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Vehicles - Fixed Wing / Re: AutoCruise Mode for a FixedWing
« Last post by TheOtherCliff on July 13, 2019, 11:14:13 pm »
For those that might not know, roll/pitch/yaw PIDs on a fixed wing are tuned for one specific airspeed but you don't fly at one specific airspeed.  If a Revo class FC has an airspeed sensor enabled (even the GPS based one) it uses measured airspeed to change the PIDs to fit the airspeed and you always have the correct PIDs.

With thrust control coded like is being discussed here (e.g. when pitching up, throttle output is automatically increased by a user configurable number and simple trig to maintain the same airspeed without actually measuring the airspeed ... within known limits), airspeed more reasonably corresponds to throttle input (stick) position (airspeed doesn't change when you pitch up/down) and the code could modify the roll/pitch/yaw PIDs during flight with this airspeed cousin in the same way we already modify the PIDs using the real airspeed sensor (including the GPS based airspeed sensor).

The throttle to speed curve is not linear (can't be used as an airspeed approximation, even with simple scaling).  When flying straight and level, 100% throttle is generally not exactly 2 times as fast as 50% throttle.  Probably the most useful way to handle this is to convert the throttle stick position into an actual approximate airspeed using a non-linear function.  Thus, any code that wants the airspeed can use this approximation of airspeed.

Here is the kicker.  Once this is set up (tuned) by the user, it gives you this airspeed approximation, even when you are not using this new thrust mode, so your PIDs are always correct and you always have an airspeed approximation available for other uses (e.g. telemetry).  No airspeed sensor required.  No GPS required.
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General Discussion / Re: two servos gimbal problem
« Last post by TheOtherCliff on July 13, 2019, 07:45:50 pm »
It's possible that only the 1 or 2 servo/PWM outputs where the servos were connected are damaged.

You might try powering the CC3D with 5V and configuring the CC3D to use a different servo/PWM output to see if the CC3D is usable that way.  :)

It's also possible that all servo/PWM outputs are damaged.  :(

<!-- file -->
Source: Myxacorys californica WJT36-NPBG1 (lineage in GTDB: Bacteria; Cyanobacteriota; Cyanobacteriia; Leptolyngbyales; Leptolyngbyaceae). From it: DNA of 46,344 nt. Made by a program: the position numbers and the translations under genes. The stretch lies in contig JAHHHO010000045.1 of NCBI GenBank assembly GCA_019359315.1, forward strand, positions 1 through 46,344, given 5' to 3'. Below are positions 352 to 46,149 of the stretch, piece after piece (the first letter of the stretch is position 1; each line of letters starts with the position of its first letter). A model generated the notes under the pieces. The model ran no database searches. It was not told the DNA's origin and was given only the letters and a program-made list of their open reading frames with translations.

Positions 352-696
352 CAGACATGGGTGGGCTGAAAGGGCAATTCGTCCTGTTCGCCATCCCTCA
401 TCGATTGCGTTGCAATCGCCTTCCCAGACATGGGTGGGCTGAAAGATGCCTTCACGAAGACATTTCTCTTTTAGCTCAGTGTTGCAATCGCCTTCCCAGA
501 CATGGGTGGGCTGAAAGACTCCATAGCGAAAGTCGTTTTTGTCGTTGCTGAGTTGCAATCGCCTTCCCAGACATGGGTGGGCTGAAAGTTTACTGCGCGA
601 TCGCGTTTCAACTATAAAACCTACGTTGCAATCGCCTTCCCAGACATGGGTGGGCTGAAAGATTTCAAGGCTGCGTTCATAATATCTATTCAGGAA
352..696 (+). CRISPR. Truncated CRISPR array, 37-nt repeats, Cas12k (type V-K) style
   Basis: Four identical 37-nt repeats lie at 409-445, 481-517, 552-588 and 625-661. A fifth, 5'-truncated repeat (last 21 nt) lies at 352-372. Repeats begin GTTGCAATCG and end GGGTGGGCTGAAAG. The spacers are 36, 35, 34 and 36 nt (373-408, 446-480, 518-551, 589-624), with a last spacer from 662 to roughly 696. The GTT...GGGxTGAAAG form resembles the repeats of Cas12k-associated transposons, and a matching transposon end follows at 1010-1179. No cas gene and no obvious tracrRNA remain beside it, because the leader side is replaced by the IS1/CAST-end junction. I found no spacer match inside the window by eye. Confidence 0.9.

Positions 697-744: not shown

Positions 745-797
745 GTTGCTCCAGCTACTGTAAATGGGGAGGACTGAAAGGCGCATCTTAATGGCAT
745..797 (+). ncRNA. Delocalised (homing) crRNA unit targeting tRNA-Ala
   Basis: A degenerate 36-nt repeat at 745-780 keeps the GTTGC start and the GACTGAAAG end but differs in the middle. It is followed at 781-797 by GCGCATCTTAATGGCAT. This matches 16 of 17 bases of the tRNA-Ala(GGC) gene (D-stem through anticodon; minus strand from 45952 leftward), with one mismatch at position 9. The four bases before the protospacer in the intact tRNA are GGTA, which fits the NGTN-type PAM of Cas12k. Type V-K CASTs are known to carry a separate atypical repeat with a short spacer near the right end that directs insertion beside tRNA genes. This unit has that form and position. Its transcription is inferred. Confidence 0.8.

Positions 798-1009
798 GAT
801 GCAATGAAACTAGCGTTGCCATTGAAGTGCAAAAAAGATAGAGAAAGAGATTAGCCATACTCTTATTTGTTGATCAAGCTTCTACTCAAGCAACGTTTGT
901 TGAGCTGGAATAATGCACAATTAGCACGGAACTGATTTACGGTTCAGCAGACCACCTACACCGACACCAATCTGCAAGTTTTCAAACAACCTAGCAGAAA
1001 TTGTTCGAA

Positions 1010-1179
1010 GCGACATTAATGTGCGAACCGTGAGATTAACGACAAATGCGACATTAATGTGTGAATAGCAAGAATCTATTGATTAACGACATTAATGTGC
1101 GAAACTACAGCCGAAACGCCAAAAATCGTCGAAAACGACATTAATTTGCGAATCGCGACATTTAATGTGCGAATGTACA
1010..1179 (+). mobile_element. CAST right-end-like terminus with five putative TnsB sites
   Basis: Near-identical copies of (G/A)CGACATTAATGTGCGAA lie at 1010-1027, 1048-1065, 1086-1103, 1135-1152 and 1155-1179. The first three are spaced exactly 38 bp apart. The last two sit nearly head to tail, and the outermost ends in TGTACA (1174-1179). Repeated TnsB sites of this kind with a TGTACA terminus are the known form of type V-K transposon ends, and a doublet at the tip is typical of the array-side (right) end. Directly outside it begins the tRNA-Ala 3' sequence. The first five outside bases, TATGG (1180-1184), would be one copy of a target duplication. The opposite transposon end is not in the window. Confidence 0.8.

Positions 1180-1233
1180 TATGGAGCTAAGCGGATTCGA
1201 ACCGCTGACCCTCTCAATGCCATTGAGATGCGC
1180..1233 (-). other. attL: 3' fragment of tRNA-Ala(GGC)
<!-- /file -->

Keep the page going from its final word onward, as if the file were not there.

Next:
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General Discussion / Re: two servos gimbal problem
« Last post by TheOtherCliff on July 12, 2019, 09:26:39 pm »
For years I used a 5V BEC to power four 9 gram servos through a CC3D board.  There was even some servo oscillation while I tuned the PID.  Nothing ever went bad, but I never used 8.4V input power voltage, always about 5.2V.

It sounds like you think you have one good CC3D left.  I would measure good CC3D resistance (lowest ohms scale with all CC3D cables disconnected) from PWM ground pins to power input ground pins, and again from PWM V+ pins to power input V+ pins.  Both measurements should show a direct wire connection (about 0 ohms).  That is a good reading.  It will show you what a good board measures.  Now measure a "broken" CC3D the same way.  Did both boards measure 0 ohms?  If so, then the traces on the bad board are OK and NOT the problem.

Important:
Another thing to know is that the CC3D PWM signal pins need a 3.3V signal but are "5V tolerant".  If you have 8.4V power connected to CC3D and you plug in a servo, then if (50%-50% chance) the signal pin (outer pin on servo connector) and V+ pin (center pin on servo connector) make contact before the ground pin (the other outer pin on the servo connector), then you have effectively connected 8.4V directly to the 3.3V (5v tolerant) PWM signal pin (through the servo which is acting like a resistor at this point).

You can see that the other chance (also 50%-50%) is that the V+ and ground connect first so it is not like just connecting signal to V+ through a resistor (the servo).

If the CC3D is actually broken, but the V+ traces are OK from power input to servo connector and the ground traces are OK from power input to servo connector, then this is what may have damaged the PWM signal output.  :(
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General Discussion / Re: two servos gimbal problem
« Last post by facenorbert on July 12, 2019, 06:43:46 pm »
2S Lipo is too much voltage for some kinds of servos.  You should use a voltage regulator like BEC or ESC/BEC to reduce voltage to 5V.

Using USB 5V power works well, but does not have much current, but your small servos do not need much.  It is possible that your servos are burned out.  :(

Whatever voltage you put in the CC3D is exactly what you get out to power the servos.  It is a direct wire connection.


It was working fine with this setup until I put weight on it [action camera] then start playing up.
It had happened two times on atom and standard cc3d board
So in the end I have lost two boards now


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